I have been accused of not taking my children's education seriously. I have also been accused of not using nationally approved curriculum, ignoring national and state core standards. My answer? GOOD.
So CoM went to her dad's for Spring Break. He asked for an extra week because she doesn't attend a "real" classroom. I prepared her work, staying up the night before she left to check the lessons against the standards for 2nd grade. I had ordered the BrainQuest for 2nd Grade, copyright 2008, and wanted to send something that would not be a hassle for her grandmother and aunt to use for her.
While she was gone, I utilized my time researching state and national standards, comparing curriculum, verifying that I already use 3rd grade math with CoM, often staying up until 1 or 2 in the morning just to discover new and exciting methods of instruction. I learned A LOT.
LB was still home with me, so she would stay up as late as she could, watching the Goodnight Show, and being Mommy's little helper. Now, since LB is a tactile learner, we played a lot of games. We stacked blocks for math, we played in homemade sand (thanks, Pinterest!), we worked on jewelry, we read books, studied letters, and I even introduced her to my computer. She learned how to navigate Starfall.com really well. Oh, and we have been working on our rhyming words. We did coloring sheets, painting, building, reading and we even spent a couple days where I worked on the computer and she learned how to work the Roku remote and watch "her shows" on Netflix. I took her swimming and to the playground to get her heart moving and my dad and I took her to the mall to get some walking exercise and practice her manners.
While I was doing all this research, teaching my child, I also had to maintain the house/apartment, tend to my family's needs (including the dog), and I managed to make several pieces of jewelry to go in our Etsy store. New material came in so LB helped me cut it out and prep it for stitching. I reorganized the school room, finally laminated my wall boards, threw up a manuscript sheet (which gave LB another opportunity to work on her letters - one for which she volunteered!). I probably have logged the same amount of time developing this week's lessons as any other (public/private) school teacher. I have my dad's experience, familiarity working with my mom, and the 16 years I've spent as a teacher's aide or a substitute teacher. And now, in my new position, I am researching and developing curriculum for a virtual academy. All the research must meet CORE Standards. (Did I mention this as part of my busy 2 weeks?)
I have researched AOP, CLP, R&S, TGHTGW, etc. I've compared items through Currclick.com, buying what looks informative and easy to apply. We are gearing up to go in many directions with work and I grow excited by the prospects. But then I get told that I'm not good enough because I'm not a teacher and that my daughter's education is lacking. Could I have finished my education degree? Yes. But that's not the direction in which God has led me. Instead, I have my business management degree that will come in handy in operating another branch of the ministry/charity. I have my psychology degree in Christian counseling. I start the masters program for Licensed Professional Counseling in the fall and I will begin my specialization in Child Mental Health with techniques in Play Therapy at the same time. I am blessed to be able to implement what I learn into our lives and have happier, more inquisitive and expressive children as a result. We're learning 2 foreign languages, music, dance, art, science, reading and language arts (okay, I could do more with the grammar and CoM will be surprised when she reviews her lessons for the week), and we're starting a session on ancient civilizations. We learn through manipulatives and books, arts and crafts, computer and just spending time with each other.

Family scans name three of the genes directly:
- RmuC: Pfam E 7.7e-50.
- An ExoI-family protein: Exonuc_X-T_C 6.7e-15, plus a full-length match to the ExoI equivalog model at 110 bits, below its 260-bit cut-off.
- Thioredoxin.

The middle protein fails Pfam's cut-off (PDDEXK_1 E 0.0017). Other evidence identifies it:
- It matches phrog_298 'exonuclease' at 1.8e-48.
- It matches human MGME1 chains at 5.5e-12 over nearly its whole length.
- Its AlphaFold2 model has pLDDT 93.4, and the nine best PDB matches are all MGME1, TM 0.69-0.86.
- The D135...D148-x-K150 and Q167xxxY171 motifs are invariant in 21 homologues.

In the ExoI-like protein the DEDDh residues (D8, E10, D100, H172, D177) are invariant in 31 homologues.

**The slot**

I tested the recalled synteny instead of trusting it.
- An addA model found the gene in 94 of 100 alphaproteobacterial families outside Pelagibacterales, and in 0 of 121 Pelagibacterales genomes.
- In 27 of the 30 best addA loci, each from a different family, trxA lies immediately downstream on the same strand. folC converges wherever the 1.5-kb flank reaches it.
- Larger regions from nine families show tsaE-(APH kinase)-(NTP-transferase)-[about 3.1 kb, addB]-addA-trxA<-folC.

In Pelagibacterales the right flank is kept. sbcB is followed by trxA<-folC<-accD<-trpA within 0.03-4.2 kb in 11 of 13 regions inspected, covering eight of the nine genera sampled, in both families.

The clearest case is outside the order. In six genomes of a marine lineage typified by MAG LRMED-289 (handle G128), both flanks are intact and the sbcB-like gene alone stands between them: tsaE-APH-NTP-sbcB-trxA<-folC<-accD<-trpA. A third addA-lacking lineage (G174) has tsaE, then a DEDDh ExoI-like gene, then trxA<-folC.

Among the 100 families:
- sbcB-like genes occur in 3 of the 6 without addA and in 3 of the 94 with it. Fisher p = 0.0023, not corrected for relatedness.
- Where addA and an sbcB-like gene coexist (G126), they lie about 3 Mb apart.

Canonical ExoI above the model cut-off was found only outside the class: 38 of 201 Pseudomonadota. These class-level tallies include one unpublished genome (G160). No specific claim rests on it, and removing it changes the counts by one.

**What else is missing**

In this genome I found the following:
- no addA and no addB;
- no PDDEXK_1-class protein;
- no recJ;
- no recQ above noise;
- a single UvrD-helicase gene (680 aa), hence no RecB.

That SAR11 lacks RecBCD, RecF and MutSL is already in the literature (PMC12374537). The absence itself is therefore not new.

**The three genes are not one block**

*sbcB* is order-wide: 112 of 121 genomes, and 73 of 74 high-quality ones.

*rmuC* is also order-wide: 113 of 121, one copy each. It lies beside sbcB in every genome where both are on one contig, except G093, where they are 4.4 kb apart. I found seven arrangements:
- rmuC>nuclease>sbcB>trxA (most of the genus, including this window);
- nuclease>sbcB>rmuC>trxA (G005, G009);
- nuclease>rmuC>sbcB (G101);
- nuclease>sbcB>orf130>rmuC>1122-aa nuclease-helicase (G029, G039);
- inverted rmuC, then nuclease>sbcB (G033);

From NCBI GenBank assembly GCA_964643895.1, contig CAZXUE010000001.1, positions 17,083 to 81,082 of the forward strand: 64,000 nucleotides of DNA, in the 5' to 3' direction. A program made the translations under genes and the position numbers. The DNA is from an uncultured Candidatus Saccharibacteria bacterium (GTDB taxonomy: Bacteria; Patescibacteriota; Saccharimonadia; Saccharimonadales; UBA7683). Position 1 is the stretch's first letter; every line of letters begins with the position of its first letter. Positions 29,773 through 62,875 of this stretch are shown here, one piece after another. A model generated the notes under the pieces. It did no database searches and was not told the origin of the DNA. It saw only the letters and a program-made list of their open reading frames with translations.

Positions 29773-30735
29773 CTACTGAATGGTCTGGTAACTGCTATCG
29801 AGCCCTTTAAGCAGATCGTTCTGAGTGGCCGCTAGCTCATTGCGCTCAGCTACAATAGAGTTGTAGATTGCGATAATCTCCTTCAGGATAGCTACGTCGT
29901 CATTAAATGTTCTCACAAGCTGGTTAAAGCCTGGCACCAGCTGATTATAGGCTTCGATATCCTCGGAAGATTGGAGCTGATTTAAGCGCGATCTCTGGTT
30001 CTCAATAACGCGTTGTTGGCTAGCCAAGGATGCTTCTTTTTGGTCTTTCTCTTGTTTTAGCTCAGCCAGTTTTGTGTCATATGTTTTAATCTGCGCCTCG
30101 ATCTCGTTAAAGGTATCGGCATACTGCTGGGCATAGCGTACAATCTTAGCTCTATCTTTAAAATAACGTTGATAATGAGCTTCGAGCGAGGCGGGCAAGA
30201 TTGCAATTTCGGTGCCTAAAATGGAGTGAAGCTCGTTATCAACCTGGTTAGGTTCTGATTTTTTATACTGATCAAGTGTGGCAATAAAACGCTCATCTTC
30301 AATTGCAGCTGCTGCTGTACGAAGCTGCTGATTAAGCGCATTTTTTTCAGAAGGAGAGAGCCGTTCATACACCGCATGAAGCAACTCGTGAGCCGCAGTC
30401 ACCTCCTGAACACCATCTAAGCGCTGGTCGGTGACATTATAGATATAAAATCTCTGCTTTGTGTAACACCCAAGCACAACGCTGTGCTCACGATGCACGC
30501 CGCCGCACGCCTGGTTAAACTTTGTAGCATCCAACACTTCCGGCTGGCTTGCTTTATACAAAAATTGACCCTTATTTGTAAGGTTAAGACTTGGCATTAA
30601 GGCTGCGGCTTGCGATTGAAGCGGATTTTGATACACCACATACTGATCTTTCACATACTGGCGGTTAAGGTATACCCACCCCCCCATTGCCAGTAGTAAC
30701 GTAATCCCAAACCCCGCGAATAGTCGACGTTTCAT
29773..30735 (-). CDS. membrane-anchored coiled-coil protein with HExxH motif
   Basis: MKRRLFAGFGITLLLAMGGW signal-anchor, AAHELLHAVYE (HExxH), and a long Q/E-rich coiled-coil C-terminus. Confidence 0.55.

In the end, I am satisfied with my daughter. I've been reassured that next year I can have her tested in the public school system but not to worry or stress overmuch. I'm encouraged by friends and HSLDA attorneys to continue pressing on for the prize. What prize? A child who is excited to learn and does so, actually remembering that which she has experienced. So what if she doesn't rank "gifted" by national education standards? So what if she's not a "prodigy" according to their definition? So what if she's limited by time constraints and test anxiety in the public school policy? We know the truth of her performance in school because we're here with her, encouraging her and working with her. The same for LB - so what if she has a "developmental delay"? I've seen her blossom these last few weeks. Yes, in some ways she's regressing. In others, she's progressing. I can compromise with her because I'm thrilled to just have her for my daughter.
My little blooms are blossoming and my garden is beautiful!
What are some ways you encourage your children to learn and experience the world around them?